Thursday, June 24, 2010

Sandpaper, Beauties, and Coffee

DSCN1984 On the western side of the Flatwoods Trail there is a little patch of one of the varieties of wild coffee, Psychotria sulzneri, commonly known as shortleaf wild coffee. Plans were to plant some more of another variety commonly known as just “wild coffee”, Psychotria nervosa, just up the trail a bit next to a wild coffee id sign we installed. Before we got to it, another herbaceous plant with opposite leaves sprung up in the clearing. In the early stages of its growth the plant appeared very similar to what the line drawing of the coffee on the sign looked like to anyone not familiar with the wild coffee. We were even fooled into thinking it may have been seedlings of American beautyberry, Callicarpa americana, which also has a similar toothed opposite leaf.

DSCN1993 Once the plant developed flowers we were able to quickly id our newcomer as sandpaper or harsh vervain, Verbena scabra, of the vervain family (Verbenaceae). Really quite lovely, this plant has delicate spikes of tiny pink to lavender flowers. The stems are square and ridged. The leaves as the name might imply are rough like sandpaper on the surface, coarsely toothed, and arranged opposite of each other. It is commonly found in wet pine lands or disturbed sites.


As for the potential look a likes, also in the Verbenaceae family the American beautyberry also has opposite leaves with coarse teeth but the stems are rounded and the flowers are borne in a cluster in the axils of the leaves, see how similar the foliage is to the Verbena.

DSCN1994 In the Rubiaceae family (buttonbush is also in this family), the shortleaf wild coffee also has opposite leaves. Their clusters of flowers typically develop at the end of the stems. The shortleaf wild coffee is easily distinguished from its relative wild coffee.  The leaves of shortleaf wild coffee are not really shorter but velvety and matte in comparison with wild coffee who’s leaves are shiny and often puckered or pleated in appearance from deeply inset veins on the leaf surface. More on wild coffee and its history of use in the future.

Noting opposite leaf arrangement on a plant is often a helpful way to identify species or rule out  look a likes.

Friday, June 4, 2010

Gopher Apple


Truly one of our very favorite plants in the sandhill is the gopher apple (Licania michauxii.) This diminutive shrub (above ground stems typically no more than a foot tall) spreads by underground stems to form small colonies. The alternate leaves are smooth on the surface and often fuzzy beneath. The plant overall looks very similar to oak seedlings. The gopher apple is happy in deep sands found in Florida sandhill, scrub, and coastal dune systems. As you might suspect from the places it is found; it very salt tolerant and also tolerant of and recovers quickly from fire. In the spring and early summer they are covered in tiny greenish yellow flowers soon to be followed by their namesake fruit. The fruit is egg shaped and white to purple in color and highly favored by gopher tortoises as well as most other wildlife (including yours truly.) You will find a real nice patch of gopher apple on the sandhill trail just north of the big tortoise burrow. And although the fruit is edible, we ask you leave them for the gopher tortoise! :-) Thanks!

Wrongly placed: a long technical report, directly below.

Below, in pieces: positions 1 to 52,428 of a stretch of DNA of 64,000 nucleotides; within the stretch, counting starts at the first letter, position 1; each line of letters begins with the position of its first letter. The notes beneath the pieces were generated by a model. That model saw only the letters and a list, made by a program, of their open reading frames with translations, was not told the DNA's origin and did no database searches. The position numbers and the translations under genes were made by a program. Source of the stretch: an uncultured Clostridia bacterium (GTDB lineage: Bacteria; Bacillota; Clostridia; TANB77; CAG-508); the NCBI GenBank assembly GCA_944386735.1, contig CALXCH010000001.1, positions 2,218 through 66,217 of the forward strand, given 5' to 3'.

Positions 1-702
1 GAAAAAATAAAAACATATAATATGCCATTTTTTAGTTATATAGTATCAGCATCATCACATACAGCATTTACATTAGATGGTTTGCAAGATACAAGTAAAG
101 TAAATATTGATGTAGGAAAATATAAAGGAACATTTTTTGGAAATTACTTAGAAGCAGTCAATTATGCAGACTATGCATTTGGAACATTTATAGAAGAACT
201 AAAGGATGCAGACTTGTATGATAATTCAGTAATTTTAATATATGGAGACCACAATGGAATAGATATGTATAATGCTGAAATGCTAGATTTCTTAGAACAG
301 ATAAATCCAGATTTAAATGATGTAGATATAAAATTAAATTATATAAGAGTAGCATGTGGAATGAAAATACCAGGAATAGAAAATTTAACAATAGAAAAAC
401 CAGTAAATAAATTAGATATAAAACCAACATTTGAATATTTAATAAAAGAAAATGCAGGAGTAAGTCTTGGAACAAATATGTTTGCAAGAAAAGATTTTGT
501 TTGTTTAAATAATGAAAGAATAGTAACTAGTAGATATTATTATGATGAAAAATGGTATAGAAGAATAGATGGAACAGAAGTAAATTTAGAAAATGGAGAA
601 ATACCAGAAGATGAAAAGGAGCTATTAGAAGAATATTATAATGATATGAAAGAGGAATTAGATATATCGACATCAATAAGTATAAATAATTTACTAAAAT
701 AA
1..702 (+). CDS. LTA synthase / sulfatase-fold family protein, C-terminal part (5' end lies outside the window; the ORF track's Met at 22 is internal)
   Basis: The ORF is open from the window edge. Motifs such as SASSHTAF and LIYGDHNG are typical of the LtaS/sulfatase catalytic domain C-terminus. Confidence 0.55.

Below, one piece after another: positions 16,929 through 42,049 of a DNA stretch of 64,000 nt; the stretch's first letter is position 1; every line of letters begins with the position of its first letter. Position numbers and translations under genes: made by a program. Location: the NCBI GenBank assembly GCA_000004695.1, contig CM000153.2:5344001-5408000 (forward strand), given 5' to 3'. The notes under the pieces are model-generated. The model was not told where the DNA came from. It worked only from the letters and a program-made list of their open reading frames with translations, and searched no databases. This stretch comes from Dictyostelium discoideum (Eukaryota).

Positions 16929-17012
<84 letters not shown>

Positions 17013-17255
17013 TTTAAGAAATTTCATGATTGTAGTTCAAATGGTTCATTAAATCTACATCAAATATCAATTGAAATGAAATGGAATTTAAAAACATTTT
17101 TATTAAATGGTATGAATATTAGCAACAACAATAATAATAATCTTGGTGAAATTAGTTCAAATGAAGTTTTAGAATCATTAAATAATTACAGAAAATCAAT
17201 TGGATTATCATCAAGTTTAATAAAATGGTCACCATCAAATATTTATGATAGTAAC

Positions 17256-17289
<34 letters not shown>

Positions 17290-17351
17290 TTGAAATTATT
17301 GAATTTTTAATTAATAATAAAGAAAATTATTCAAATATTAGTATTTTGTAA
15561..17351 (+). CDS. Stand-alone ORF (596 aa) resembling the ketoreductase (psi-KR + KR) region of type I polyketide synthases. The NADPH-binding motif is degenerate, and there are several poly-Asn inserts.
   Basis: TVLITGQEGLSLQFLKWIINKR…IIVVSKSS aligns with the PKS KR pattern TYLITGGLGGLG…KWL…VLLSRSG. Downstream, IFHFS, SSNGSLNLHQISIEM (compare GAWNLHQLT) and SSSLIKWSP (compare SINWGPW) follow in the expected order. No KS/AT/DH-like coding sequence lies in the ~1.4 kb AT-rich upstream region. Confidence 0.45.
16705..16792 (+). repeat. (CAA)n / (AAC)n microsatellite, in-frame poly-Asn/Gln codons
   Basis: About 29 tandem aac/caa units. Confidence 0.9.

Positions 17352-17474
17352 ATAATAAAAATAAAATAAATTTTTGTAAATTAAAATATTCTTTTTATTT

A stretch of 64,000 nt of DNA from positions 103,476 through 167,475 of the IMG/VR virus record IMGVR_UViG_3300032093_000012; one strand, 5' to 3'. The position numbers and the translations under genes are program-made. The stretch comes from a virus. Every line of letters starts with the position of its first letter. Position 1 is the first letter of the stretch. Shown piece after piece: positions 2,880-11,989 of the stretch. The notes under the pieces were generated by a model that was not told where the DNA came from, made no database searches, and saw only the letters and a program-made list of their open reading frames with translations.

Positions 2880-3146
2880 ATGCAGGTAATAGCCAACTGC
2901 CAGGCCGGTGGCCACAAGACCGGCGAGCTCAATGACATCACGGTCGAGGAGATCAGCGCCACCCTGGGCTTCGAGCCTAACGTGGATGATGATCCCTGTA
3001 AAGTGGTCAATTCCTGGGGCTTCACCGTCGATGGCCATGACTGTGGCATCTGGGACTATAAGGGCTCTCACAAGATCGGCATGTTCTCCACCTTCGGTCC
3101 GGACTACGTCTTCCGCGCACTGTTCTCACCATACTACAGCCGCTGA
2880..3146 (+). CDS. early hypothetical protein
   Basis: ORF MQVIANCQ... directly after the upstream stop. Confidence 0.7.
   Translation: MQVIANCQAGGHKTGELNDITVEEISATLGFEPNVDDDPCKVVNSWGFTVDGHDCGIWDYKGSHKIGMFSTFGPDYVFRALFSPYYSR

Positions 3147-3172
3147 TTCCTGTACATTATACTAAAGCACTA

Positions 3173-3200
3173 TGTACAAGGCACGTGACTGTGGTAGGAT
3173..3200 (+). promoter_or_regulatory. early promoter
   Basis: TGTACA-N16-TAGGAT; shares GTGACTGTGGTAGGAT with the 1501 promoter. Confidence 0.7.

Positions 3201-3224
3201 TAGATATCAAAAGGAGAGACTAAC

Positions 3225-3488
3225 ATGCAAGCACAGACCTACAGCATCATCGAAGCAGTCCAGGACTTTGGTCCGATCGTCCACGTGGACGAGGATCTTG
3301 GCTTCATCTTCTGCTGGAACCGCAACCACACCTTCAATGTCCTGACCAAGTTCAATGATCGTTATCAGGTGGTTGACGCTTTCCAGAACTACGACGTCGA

Tuesday, June 1, 2010

Trumpet Creeper


This otherwise ubiquitous vine has so far only been found along the shell trail near the trail to the swamp tupelo overlook. The lovely trumpet creeper (Campsis radicans) is show stopper from now until early fall. Beautiful  vivid orange red tubular flowers are said to vacuum in the humming birds and we note they are pretty darn popular with the ant set as well. This vigorous aggressive vine, although native, can sometimes  be considered invasive. Aerial roots that anchor thick woody stems can carry leaves and flowers over thirty feet into tree canopies or even up walls. Glossy toothed pinnate leaves oppositely arranged easily identify this plant before the flowers make their show. Because hawkmoths of any kind are our favorites in the Back Woods, this plant finds our favor as the larval food of the Plebeian sphinx moth (common or not, we think they are pretty cute!) Keep your eye out for blazes of red in the canopy through out the summer, it will most likely be trumpet creeper.